Want to build a simple DIY bird feeder? Here’s how to build this pretty copper bird bath – with a solar fountain!
We have been working hard to fix up our yard this year. We really focused on the front yard – completely re-landscaping the plants.
We will really save our backyard for next year, though we have been working on improving the grass.
I also got 2 fruit trees – a tangerine and a variegated lemon tree. I decided to leave them in pots until we figure out the layout out here.
We actually have a surprising amount of birds in our yard – considering there are no trees. We back up to a pond that backs up to land owned by the agriculture school, so we are really kind of up against the wild woods!
Anyways, Luke loves watching the birds. We already have a bird feeder, so I decided it would be fun to add a bird bath to the corner by our two potted trees.
I whipped this. bird bath up using copper piping and copper wire, both from the hardware store. I used a plant drip tray for the tray and the whole thing came together in less than 15 minutes!
How to build a bird bath
I built this simple bird bath with copper legs and a plastic top!
- Plastic plant saucer
- 3 3 foot copper pipes, 1/2″ diameter
- Copper wire, 18 gauge
- Gorilla glue OR 2 part epoxy
- Bird bath solar fountain
How to build a DIY copper bird bath:
STEP 1: Arrange the pipes
Arrange your 3 pipes in an X pattern until you have the desired shape. You can make it a wider or more narrow triangle, depending on the shape you prefer.
The wider your plant saucer, the wider the top part of your base should be.
STEP 2: Wrap with wire
Once you are satisfied with your arrangement, wrap it with copper wire, tucking the ends in as you do so.
Wrap around the whole thing as well as weaving in and out of the bars to make it very secure.
STEP 3: Add glue
I added a few drops of gorilla glue to the joint to help further secure it. Use a paper towel to wipe off excess and allow to dry.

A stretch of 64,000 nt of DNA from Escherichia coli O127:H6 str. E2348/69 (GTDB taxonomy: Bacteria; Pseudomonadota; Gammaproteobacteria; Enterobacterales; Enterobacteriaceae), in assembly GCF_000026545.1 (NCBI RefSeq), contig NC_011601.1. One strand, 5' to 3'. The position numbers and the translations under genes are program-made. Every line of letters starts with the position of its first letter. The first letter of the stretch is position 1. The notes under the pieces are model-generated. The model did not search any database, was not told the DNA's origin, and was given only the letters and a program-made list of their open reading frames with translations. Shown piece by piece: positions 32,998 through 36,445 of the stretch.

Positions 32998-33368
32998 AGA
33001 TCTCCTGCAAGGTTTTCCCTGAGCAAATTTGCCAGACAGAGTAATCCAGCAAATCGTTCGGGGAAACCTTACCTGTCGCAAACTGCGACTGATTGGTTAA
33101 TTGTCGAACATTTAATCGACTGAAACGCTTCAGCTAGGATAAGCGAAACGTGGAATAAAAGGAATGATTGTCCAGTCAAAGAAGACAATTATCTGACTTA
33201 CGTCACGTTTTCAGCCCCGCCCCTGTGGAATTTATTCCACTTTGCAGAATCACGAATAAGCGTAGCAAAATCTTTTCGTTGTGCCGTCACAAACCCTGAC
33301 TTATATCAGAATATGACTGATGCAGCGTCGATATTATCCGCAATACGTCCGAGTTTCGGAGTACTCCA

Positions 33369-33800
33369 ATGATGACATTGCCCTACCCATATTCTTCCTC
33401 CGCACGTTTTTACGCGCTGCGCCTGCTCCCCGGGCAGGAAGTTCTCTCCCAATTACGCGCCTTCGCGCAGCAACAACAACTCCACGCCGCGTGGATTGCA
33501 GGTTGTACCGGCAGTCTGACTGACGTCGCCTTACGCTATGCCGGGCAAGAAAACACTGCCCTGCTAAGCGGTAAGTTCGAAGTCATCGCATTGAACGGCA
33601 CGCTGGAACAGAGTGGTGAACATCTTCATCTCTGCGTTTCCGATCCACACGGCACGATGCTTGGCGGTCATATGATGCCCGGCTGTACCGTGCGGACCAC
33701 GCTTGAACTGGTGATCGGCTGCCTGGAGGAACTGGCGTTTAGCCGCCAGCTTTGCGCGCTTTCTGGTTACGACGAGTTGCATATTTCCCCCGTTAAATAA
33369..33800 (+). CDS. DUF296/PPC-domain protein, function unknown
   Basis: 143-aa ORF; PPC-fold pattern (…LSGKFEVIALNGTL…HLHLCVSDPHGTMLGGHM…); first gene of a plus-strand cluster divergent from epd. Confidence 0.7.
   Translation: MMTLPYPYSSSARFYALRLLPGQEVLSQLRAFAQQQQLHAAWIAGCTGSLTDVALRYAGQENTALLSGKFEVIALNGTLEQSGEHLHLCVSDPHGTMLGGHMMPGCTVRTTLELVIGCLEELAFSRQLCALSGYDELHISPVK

STEP 4: Glue to saucer
Use glue to adhere the top of your copper base to the bottom of the plastic saucer.
We tried this two ways. First we used Gorilla Glue. This broke off after a few days.
Then, we used two part epoxy (also by Gorilla Glue). This was a much stronger hold and has not broken!
Allow to dry completely, upside down.
STEP 5: Put in place and add the solar fountain and water
Place on the ground – you can gently press the copper poles into soft earth to help level it out.
Add the solar fountain and then cover with water. Enjoy!
How to add a fountain to a bird bath
Luke’s favorite part of this bird bath is the fountain.
This fountain is completely solar powered and just runs non-stop without batteries or anything – as long as the sun is out.
It’s basically a round solar panel with a fountain in the middle. You can even swap out the nozzle for different spray effects!
Note that the actual panel is about 7″ across but it comes with 4 basically clear straws for each side that made it WAY wider.
I ended up trimming the straws to about 2″ long each (just with scissors) and it didn’t effect performance at all.
My only complaint about this fountain is that if the bird bath is dry/empty and it gets sunny, it keeps running. Obviously no water squirts, but it makes this grinding noise that’s surprisingly loud and annoying.
Have you ever built a bird bath?